The Traffic Act looks likely to get a number of significant updates, including abolishing the bete noire of international visitors - the need for an international driving permit.
Under the draft law developed by the Ministry of Economic Affairs and Communications, driving licenses will be accepted as long as the text appears in roman type and the document indicates what categories and types of vehicles may be operated.
A notarized translation into Estonian will also be accepted if the license appears not to comply with either of these conditions.
The Traffic Act is likely to get other significant updates, most geared to reducing paperwork and documents and some for increasing safety.
* New drivers will no longer be required to display the green maple leaf on their rear windshield, although they can continue to do so if they choose.
* Under the draft law, cyclists who have decided not to dismount to cross a street (something that is legal) have to make the crossing at walking speed. They will not have right of way unless they dismount.
* Bicyclists and moped users, who currently have to slow to pedestrian speed when crossing places where bike paths intersect carriageways, will now also have to decelerate when crossing hidden driveways.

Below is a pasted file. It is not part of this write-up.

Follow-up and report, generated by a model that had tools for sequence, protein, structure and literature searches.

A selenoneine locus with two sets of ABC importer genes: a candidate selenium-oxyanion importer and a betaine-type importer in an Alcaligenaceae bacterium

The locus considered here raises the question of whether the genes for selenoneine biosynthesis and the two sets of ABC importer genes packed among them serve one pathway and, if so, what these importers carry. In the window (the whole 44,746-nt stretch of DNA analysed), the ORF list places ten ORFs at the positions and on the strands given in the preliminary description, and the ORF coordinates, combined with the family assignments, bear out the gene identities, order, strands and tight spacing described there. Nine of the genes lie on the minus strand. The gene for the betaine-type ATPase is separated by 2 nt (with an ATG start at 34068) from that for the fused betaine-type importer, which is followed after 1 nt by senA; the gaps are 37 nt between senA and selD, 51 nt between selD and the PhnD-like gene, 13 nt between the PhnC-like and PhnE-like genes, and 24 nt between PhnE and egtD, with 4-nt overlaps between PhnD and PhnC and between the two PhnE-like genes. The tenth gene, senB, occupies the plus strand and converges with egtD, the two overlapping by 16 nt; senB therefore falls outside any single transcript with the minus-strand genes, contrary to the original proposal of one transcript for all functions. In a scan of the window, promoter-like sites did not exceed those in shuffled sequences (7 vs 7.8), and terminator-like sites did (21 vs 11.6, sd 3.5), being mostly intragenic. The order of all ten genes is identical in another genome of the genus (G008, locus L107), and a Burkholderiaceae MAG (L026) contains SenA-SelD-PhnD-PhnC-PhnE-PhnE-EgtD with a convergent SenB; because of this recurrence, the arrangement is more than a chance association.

The aim of the changes, said the ministry, is to slow things down to minimize harm in the case of priority conflicts.
* Organized groups of pedestrians are currently required to use the sidewalk or roadway, but amendments will give them the right to use bicycle and footpaths as well.
* Mopeds with three or four wheels may not be used on bike paths under the proposed changes. The minimum age for operating a four-wheeled moped will be increased to 16.
* The changes also ease rules for physical documents. If a person loses their driver's license, they will no longer have to apply for a physical replacement, as everything is computerized. Instead, they can use their ID card.
Nor do bicyclists under the age of 16 (who do require a license) need to have a physical document.